[rescue] Sun 3/80 Restoration

David Brownlee abs at absd.org
Sun Oct 6 12:39:40 CDT 2019

On Sat, 5 Oct 2019 at 21:17, Bill Dorsey <dorsey at lila.com> wrote:
> Hi,
> After a number of years of searching, I finally managed to get my hands
> on a working Sun 3/80.B  I have fond memories of the Sun 3 machines from
> my time at Sun Microsystems and the m68k processor family has long been
> a favorite of mine.B  Here's a quick summary of the steps I took to get
> it working again:
> My 3/80 needed a new power supply fan and 48T02 clock calendar chip.B
> Fan replacement was easy and the new fan is much quieter than the old.B
> The 3/80 would not boot with the new 48T02 chip but fortunately several
> websites contained enough details that I was able to get the magic bytes
> programmed into it from the monitor and convince it to boot.B  It came
> with a working SCSI hard drive with SunOS 4.1, so that saved me
> considerable time.B  I bought a SCSI2SD board for it, 3D printed a case
> which mated with the quick-disconnect mount in the chassis, and got it
> formatted in no time.B  Initially I installed NetBSD 8.0 on it though
> after a few days of playing with that, I decided it was much too slow on
> the old machine.B  Logging in with SSH took several minutes and just
> generating the SSH keys took many hours.B  I might go back and try an
> older version of NetBSD someday, but installing SunOS 4.1.1 appealed
> much more to my nostalgia.B  While that proved a bit more challenging
> than I first thought, again thanks to a couple of websites (mentioned
> below) I was able to do it successfully on the third of fourth try
> solely from tape images on disk.
> Finally I had the 3/80 up and running just like it was 30 years ago.B
> After a few weeks of blissful nostalgia spent remember how to configure
> everything, installing useful software packages like gcc and vim, I
> figured it would be fun to see what could be done to the hardware in
> order to sweeten its performance a bit.B  I owned a 3/60 over 30 years
> ago and I remember bumping up the clock speed from 20 to 25 MHz by
> replacing the crystal oscillator, so I wondered if I might be able to do
> the same thing with the 3/80. Long story short, I was successful in
> bumping up the CPU speed from 19.66 MHz to 24.576 MHz, though it
> required hacking the boot rom and patching the kernel before the serial
> ports worked correctly since the CPU clock is shared with the Zilog
> serial chip.B  While the machine is still painfully slow by modern
> standards, it was a satisfying project.B  It has been running 24 hours a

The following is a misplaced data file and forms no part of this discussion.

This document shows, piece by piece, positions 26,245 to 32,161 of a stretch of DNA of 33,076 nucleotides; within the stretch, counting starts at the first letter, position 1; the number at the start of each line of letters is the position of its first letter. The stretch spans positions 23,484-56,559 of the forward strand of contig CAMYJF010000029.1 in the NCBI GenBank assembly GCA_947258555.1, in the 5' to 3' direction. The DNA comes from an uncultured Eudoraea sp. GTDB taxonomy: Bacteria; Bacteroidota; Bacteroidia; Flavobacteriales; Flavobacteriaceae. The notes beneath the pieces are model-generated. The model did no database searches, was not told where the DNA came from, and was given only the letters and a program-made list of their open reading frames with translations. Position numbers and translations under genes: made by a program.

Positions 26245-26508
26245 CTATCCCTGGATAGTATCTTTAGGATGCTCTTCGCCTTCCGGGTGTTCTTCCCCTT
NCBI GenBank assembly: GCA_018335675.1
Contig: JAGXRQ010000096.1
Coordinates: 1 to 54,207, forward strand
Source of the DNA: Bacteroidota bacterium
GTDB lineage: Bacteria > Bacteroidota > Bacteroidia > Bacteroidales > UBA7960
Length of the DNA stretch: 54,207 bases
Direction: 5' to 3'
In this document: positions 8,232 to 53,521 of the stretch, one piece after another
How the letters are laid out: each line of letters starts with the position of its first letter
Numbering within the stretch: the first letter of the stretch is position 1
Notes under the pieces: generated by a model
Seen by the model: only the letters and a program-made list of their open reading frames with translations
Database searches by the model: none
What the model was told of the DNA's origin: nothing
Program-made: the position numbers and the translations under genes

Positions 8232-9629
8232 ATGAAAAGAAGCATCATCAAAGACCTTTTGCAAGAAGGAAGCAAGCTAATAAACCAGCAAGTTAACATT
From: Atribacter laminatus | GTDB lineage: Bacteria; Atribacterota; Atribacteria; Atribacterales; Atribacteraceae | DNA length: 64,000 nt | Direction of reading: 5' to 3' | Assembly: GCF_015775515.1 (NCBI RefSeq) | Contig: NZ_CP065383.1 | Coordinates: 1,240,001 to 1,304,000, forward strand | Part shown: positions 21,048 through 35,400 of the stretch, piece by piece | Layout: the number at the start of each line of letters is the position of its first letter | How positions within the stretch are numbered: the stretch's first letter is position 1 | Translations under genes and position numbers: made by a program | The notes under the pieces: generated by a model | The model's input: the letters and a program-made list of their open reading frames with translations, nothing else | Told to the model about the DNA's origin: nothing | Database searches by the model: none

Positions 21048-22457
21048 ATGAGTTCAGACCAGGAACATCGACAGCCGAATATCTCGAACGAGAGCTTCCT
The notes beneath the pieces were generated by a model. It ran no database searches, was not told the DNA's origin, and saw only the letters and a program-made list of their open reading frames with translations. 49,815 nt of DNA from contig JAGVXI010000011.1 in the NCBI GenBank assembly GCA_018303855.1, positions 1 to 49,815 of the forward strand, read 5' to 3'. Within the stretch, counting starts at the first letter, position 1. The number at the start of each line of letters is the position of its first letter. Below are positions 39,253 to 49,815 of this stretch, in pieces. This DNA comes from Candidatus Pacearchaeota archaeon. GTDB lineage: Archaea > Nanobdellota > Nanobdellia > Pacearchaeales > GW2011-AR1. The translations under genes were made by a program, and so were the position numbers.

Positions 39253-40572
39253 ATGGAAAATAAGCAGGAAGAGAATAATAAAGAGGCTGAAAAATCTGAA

> day now at this speed without any issues.B  I should note that I did
> replace the CPU and FPU with 25 MHz variants and all of my memory is 60
> ns (I got parity errors when I tried 70 ns memory).
> I've managed to find copies of source code for SunOS 4.1.3 and 4.1.4 and
> made a small effort to build them on the 3/80.B  However, it looks like
> the changes are a bit less superficial than I had remembered so it looks
> like it will take a more significant effort.B  In the meantime, if anyone
> can point me to a source for the 4.1.1 source code, I'd appreciate it as
> there are a few small changes I'd like to make the the kernel which
> would go a lot more smoothly if I didn't have to disassemble and patch
> it by hand.
> I just read over the last year or so of postings for the list and see
> that there still appear to be a couple of people here who have Sun 3
> computers in their collection.B  Would be pleased to exchange thoughts
> with anyone still actively using these old machines.
> Here are the two Sun 3 specific websites that saved me a lot of time on
> my restoration:B  sun3arc.org and sun3zoo.de.B  Big thanks to their owners
> for making all that information available online.

The 3/80 is an excellent SunOS 4.1.x platform - best of luck finding
4.1.1_U1 (IIRC) source :)

On the NetBSD front - ssh is a particular issue as it keeps ramping up
the computation effort for keys and connections over time as machines
get faster. You might find it faster with a different ciper - "ssh -Q
cipher" will list the available (or use rsh :-p)

I'm curious how much slower NetBSD would be compared to SunOS 4.1.1 in
general use. Apart from gcc (which seems to be on a holy mission
target memory use as factorial of version number) I would hope
everything would be usable...


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